I don’t have a whole lot to add that everyone else isn’t saying. Good for Cruz, good for Rubio, not good for Trump.

How bad it is for Trump is uncertain, but no candidate in recent memory has put so much stock on “winning” and so I wouldn’t be surprised if it made an unusually large dent. Fortunately for him, he has quite a cushion in New Hampshire and so he can still lose a chunk of support, come out on top, and be able to brag about being the Comeback Otherkin. Helping him further is that two of the next three early contests are primaries, and thus Trump will be less reliant on the ground game he doesn’t seem to have and there will be less friction for outsider participation.

On Cruz, I think people are underestimating the importance of this victory. It was not entirely unexpected, but it was necessary. That Trump ended up much closer to Rubio than to him makes it even better. The two-man race between them has gotten more interesting, and he will no longer be criticizing Trump (to the extent that he does) from a position of weakness. It may also help him weather what is likely to be a weakish showing in New Hampshire, to get back down to South Carolina where he is more likely to do well. Cruz didn’t overperform by too much, but he met some important expectations.

Some are irked about Rubio claiming victory despite getting third place, and his victorious posture could indeed backfire. But the reason he is getting the attention is that he really, really outperformed expectations. Further, he did it despite being the recipient of an unusually large number of attacks in a state where, up until a few weeks ago, he hadn’t been paying much attention. He’d been staking his claim in New Hampshire, but his people seemed to wisely make the determination that to succeed in New Hampshire he needed to separate himself in Iowa, which he did. The two man race became a three man race.

There is still room for one more. There were four major candidates in both 2008 and 2012 once the ball got rolling. On the other hand, one of them was Ron Paul in each case. So three is the more likely number, and the above are most likely the three.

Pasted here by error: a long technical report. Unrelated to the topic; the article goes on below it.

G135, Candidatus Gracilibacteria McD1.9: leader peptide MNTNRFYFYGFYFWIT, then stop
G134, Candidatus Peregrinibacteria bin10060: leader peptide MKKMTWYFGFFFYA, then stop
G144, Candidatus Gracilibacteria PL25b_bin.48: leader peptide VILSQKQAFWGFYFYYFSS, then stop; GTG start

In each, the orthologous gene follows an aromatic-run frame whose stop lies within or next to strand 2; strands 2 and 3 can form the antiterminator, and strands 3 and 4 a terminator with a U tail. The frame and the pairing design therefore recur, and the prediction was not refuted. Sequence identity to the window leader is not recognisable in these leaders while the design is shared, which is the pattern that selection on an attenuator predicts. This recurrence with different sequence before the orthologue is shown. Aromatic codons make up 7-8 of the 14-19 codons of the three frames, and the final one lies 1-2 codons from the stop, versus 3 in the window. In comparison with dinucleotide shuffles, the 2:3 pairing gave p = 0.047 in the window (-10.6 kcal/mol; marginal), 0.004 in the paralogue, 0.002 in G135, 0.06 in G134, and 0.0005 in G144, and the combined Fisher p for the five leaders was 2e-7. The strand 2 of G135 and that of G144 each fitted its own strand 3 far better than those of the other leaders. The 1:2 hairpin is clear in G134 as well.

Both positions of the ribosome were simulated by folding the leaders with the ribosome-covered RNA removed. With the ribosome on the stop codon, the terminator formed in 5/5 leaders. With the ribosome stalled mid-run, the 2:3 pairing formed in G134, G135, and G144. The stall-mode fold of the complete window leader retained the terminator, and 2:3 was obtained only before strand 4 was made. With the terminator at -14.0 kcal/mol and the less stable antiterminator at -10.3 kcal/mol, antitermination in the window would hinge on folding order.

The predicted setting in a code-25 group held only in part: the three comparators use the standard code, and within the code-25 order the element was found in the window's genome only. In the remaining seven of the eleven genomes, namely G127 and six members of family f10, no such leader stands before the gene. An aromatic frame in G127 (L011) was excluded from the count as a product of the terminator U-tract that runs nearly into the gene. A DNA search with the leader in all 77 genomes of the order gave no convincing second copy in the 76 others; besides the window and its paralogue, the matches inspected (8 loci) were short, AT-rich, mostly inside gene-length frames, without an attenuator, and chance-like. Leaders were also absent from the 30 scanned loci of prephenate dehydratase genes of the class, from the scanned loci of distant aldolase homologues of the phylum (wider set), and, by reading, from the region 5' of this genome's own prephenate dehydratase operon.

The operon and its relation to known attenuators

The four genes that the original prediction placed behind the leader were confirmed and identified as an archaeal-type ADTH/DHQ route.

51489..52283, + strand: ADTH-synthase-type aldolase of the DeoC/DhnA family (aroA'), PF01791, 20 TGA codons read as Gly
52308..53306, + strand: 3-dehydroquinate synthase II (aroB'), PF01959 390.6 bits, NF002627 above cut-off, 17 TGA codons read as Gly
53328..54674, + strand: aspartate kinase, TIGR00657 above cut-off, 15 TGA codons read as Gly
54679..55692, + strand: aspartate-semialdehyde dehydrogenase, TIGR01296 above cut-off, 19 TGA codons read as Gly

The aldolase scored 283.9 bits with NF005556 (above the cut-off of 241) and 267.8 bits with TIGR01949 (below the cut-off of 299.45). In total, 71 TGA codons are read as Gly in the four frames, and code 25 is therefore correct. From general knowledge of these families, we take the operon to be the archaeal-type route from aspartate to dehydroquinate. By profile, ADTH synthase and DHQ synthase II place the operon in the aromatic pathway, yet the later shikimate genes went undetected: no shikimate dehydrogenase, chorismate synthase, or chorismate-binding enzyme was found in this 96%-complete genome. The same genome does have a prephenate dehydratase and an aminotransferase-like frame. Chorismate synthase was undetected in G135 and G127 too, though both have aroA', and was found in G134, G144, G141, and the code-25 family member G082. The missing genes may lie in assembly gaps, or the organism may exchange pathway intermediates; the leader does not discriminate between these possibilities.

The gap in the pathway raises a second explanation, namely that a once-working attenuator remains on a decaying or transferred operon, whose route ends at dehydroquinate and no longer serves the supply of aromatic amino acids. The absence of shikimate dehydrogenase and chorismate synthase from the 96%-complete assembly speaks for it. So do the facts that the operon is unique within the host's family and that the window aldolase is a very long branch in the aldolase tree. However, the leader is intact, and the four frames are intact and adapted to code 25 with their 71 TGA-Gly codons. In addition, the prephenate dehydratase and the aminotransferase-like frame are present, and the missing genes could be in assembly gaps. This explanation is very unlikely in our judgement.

Not much to say on the Democratic side. It’s still Hillary’s race. The degree of trouble she seems to have with races she should win might should trouble Democrats, but it is not seeming to. Which is probably just as well because it’s pretty unclear what they can do about it now.

So, in review, primaries are terrible because Donald Trump. Not having (competitive) primaries are terrible because Hillary Clinton.

Choose your poison.

Category: Statehouse

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5 Responses to So, The Iowa Caucuses Happened

  1. SFG says:

    Yeah, most of the arguments for the Electoral College are arguments for groups usually voting Republican (small states, rural people) to be represented. Changes in things like primaries and districting are always bound up with the winners and losers in each particular case.

    I’m just waiting for the Democrats to be handed a victory in the electoral college so we can get rid of it.

    • trumwill says:

      Oddly, the EC presently favors Democrats… and Republicans don’t care. The small-state advantage does favor the GOP, but the distribution of votes appears to favor Dems. Romney was four points down in the national vote, but six points down in the state that would have tilted the election. That probably doesn’t mean that he would have needed to pick up six points nationally because a disproportionate number of the pickups would have been from Ohio/Pennsylvania/Virginia/etc, but he probably would have needed more than the four.

      With regard to the EC, it’s important to know that *most* states actually benefit from it. If I recall, it’s something like 17 are hurt and 33 are helped. So there! (That being said, I’m down with a national popular vote.)

      We almost had the best opportunity in 2004. If Kerry had won Ohio, and lost the national vote, that would have been two elections back-to-back with two different losers. Both parties would be open to it and the public has been long in favor of it.

      But I’m still not sure it would have happened, though, because of the 33/17 thing. Alternately, though, there are arguably only 10 states that win: the swing states. Wyoming may have outsized influence, but nobody campaigns there or tends to their needs for their three electoral votes. At least they go to Texas and California for money.

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